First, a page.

Just because same-sex folk can get married at the moment doesn’t mean homophobia is over. Shocking, I know. The history of queer folk fighting for the bare minimum is a long and sordid one, something that reminds onlookers that queer folk have always existed and will continue to do so.
Currently, the ACLU is tracking 409 anti-LGBTQ+ bills in this country. 45 of those come from Texas. These bills would restrict what people can discuss in classrooms, who gets medical care and what sort of public performances are allowed, for instance. It’s clear to me that the Republican Party isn’t on the side of the queer community.
My criticism of Republicans shouldn’t be taken as support of Democrats, those concerned with decorum and bipartisanship in an era when Republican politicians advocate hostility towards queer communities. There is no negotiating with such politicians, not when lives are at stake. In this light, liberal Democrats are nothing but spineless.
No agent of the state can be trusted to ensure the safety of queer communities, not when its ranks are infiltrated by members who would stand aside for Republican politicians as they argue the place queer people occupy in society should be the incinerator.
Is it any surprise then, that queer folk are taking up arms? It shouldn’t be.
They shouldn’t have to live their lives on perpetual alert, eternally aware of the fact that the government hates them and their neighbors view them as a threat. Queer folk deserve long, happy lives – they deserve to live free of fear, the same as everybody.
Such comfort isn’t guaranteed, only because clowns in suits and ties on television have a vested interest in shifting blame away from their economic blunders. Queer folk are an easy target for them. All they need to do is argue that queer folk are the reason why this country is unraveling, that sexual deviancy is at the root of all societal issues.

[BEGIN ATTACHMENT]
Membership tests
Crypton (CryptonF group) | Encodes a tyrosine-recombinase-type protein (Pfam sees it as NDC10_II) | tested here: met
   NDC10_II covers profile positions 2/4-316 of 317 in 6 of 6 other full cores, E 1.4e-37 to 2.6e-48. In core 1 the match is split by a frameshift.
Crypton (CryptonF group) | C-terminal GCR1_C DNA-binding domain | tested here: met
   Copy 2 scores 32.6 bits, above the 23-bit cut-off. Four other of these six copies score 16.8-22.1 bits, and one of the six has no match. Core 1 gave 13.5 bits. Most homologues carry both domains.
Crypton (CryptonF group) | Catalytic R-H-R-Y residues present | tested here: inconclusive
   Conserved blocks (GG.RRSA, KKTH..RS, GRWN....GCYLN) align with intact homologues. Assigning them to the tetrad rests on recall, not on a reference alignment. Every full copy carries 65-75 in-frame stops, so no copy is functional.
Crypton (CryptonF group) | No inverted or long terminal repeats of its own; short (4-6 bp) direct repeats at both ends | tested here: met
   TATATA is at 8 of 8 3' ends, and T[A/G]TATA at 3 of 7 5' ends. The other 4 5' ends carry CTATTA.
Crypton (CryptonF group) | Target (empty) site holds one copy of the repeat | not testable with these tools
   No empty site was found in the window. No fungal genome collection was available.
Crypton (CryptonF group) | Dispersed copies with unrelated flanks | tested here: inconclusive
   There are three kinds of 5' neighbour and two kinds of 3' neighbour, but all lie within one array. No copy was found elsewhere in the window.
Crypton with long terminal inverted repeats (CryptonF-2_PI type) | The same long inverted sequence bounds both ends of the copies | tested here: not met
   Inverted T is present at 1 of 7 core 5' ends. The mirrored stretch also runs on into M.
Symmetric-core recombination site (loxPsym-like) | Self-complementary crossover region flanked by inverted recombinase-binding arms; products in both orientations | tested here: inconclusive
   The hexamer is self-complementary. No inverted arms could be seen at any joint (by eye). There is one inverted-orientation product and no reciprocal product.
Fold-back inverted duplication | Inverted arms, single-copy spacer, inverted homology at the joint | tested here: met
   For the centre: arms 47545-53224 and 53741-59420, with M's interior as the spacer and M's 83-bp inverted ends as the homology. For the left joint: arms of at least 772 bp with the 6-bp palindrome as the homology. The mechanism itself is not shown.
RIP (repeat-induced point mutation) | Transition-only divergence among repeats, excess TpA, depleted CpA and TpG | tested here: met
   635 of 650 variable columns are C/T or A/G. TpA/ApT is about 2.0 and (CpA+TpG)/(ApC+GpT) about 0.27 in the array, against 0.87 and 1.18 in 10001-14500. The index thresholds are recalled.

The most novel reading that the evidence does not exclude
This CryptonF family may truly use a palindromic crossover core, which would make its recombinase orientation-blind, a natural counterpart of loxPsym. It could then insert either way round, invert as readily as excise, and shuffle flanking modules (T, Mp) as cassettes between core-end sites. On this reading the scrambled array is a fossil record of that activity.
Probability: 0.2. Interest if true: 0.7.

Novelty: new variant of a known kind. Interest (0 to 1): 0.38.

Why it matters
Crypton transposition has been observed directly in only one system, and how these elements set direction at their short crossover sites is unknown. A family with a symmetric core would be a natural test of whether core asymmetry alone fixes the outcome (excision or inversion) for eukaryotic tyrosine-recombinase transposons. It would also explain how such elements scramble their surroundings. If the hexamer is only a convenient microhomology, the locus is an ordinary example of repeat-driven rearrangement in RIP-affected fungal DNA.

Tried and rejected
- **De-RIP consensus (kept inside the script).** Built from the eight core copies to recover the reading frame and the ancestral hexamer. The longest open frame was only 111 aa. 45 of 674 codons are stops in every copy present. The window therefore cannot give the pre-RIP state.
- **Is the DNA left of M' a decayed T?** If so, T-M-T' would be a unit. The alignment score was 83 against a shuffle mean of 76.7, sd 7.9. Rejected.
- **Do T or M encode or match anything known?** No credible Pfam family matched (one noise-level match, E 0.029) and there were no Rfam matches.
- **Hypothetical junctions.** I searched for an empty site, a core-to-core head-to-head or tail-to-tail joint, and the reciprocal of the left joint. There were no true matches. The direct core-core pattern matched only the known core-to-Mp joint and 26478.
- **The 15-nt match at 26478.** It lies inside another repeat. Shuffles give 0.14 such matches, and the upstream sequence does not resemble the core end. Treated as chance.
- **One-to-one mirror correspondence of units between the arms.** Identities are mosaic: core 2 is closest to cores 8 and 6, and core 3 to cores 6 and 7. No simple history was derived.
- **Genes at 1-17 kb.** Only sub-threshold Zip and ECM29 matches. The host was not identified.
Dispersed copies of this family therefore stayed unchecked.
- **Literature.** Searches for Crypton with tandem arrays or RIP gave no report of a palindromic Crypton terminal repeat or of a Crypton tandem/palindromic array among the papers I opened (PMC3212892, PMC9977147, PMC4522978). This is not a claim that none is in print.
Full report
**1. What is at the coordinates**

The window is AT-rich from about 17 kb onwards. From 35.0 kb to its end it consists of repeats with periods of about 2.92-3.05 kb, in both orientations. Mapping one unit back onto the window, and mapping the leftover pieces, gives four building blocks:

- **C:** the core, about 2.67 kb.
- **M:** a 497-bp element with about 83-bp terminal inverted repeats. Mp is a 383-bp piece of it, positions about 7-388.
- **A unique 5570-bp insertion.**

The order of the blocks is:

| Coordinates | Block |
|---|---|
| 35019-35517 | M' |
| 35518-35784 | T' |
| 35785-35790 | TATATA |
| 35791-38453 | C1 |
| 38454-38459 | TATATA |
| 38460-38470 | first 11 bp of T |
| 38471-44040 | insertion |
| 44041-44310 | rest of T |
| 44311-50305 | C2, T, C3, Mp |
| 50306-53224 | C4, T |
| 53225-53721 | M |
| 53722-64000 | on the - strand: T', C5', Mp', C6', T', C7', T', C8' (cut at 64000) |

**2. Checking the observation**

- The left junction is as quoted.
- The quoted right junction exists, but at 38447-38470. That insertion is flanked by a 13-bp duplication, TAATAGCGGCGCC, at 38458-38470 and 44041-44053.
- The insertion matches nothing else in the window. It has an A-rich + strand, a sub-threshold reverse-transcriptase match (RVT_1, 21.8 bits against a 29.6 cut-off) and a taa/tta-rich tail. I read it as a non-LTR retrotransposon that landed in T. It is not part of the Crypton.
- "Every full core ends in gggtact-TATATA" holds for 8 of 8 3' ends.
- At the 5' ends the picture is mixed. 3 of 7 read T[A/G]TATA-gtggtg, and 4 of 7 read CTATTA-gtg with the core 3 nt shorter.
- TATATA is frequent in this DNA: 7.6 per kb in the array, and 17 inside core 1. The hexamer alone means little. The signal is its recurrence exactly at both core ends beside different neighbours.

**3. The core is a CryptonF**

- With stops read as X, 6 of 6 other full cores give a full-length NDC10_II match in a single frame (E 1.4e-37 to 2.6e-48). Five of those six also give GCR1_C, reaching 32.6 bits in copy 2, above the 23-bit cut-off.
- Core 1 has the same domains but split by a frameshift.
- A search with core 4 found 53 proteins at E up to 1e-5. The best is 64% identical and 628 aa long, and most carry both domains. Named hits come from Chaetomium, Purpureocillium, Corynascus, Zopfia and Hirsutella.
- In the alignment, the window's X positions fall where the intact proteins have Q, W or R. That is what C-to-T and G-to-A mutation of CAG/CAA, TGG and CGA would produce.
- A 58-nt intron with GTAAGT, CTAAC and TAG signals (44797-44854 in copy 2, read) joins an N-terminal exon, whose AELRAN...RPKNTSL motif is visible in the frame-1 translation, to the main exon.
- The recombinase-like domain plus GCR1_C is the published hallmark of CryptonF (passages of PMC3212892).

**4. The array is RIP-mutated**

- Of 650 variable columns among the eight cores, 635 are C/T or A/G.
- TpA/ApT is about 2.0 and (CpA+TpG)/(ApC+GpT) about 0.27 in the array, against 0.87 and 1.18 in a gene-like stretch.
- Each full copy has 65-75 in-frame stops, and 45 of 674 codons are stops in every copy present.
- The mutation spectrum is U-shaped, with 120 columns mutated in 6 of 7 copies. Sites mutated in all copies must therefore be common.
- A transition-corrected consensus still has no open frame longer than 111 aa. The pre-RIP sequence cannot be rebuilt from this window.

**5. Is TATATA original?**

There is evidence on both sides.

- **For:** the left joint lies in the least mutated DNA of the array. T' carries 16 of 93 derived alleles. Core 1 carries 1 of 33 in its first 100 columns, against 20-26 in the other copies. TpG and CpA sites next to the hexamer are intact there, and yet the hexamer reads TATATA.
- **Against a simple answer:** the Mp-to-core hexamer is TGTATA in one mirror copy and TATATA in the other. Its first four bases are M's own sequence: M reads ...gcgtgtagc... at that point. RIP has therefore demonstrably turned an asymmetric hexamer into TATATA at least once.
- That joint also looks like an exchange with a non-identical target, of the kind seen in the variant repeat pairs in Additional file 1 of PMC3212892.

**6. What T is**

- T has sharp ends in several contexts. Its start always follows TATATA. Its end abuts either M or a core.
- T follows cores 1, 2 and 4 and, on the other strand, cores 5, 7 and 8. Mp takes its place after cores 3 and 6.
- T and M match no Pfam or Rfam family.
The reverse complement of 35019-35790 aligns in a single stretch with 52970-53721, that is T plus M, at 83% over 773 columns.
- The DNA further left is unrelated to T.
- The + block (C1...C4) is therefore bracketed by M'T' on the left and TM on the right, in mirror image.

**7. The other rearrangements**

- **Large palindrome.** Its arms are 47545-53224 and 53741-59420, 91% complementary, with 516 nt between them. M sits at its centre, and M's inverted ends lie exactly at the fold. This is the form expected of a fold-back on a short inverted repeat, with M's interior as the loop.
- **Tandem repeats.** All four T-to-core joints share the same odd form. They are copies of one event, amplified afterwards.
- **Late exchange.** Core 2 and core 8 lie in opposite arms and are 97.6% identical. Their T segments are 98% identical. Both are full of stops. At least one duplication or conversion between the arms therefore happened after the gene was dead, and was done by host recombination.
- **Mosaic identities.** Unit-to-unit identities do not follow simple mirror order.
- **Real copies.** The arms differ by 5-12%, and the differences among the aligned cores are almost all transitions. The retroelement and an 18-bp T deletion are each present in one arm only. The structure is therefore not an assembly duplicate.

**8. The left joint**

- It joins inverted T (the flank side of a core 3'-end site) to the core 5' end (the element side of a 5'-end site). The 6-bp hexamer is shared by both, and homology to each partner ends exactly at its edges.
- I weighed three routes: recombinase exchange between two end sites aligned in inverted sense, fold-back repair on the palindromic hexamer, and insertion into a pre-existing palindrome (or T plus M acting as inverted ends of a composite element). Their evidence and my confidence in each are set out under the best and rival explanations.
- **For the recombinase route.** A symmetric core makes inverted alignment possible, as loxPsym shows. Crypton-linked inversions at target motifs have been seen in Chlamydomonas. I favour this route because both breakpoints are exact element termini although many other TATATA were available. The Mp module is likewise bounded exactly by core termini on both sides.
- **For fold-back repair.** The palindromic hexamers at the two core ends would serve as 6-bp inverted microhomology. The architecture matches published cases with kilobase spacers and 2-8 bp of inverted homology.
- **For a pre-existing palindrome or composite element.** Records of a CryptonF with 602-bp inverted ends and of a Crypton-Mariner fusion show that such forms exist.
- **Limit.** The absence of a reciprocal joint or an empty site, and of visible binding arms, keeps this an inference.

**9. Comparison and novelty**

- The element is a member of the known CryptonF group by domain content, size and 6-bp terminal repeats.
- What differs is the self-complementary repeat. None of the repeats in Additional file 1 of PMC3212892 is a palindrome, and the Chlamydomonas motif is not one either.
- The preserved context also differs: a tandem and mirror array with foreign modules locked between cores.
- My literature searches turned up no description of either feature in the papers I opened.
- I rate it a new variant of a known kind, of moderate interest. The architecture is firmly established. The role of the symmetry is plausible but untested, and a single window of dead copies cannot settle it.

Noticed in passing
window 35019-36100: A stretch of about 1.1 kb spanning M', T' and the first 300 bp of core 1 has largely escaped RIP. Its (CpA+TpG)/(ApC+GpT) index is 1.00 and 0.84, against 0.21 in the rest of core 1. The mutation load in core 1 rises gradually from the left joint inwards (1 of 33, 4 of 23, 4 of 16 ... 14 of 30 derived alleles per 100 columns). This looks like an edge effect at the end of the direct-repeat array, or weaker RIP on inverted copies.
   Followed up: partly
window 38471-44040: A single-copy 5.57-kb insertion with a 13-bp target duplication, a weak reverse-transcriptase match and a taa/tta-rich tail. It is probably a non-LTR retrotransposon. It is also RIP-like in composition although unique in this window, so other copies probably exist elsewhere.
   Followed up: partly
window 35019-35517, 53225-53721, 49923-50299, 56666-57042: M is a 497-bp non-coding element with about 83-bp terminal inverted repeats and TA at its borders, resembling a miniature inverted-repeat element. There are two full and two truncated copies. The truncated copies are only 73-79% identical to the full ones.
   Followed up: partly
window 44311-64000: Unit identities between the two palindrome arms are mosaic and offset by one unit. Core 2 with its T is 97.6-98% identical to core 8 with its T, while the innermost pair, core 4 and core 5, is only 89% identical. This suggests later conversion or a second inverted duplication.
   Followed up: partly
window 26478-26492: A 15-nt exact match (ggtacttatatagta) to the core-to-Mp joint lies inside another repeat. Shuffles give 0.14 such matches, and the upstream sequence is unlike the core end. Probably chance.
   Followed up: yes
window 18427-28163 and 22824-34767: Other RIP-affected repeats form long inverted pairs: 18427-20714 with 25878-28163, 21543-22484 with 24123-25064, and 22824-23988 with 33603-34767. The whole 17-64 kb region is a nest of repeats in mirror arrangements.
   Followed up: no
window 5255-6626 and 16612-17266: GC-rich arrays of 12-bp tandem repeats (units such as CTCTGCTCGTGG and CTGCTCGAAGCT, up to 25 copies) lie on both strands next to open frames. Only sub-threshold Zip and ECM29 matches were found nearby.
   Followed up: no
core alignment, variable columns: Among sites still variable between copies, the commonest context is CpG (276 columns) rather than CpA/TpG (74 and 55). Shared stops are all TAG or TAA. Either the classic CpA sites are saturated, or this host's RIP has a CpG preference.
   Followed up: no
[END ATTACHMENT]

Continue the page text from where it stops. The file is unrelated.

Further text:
So long as talking heads like Ben Shapiro, Tucker Carlson and Jordan B. Peterson feed a significant portion of the public this lie, queer folk will have to take up arms and fight for their right to life. It’s always been a fight for survival. The fact that queer folk have had to grow accustomed to this sort of life is unjust.
In the wake of Roanoke and other similar events, there was an interesting reaction coming out of right-wing pundits. They had been under the impression that most queer folk wouldn’t take up arms, that since they tended to vote Democrat, they would have a revulsion for firearms of any sort.
They were expecting easy targets, and what they got was an armed community.
When one’s life is on the line, under threat from rabid dogs foaming at the mouth, is it any surprise that queer folk reached for one of the most common things in this country to defend themselves with? When survival is all that matters, politics isn’t enough of a concern. After all, what good is politics to the dead?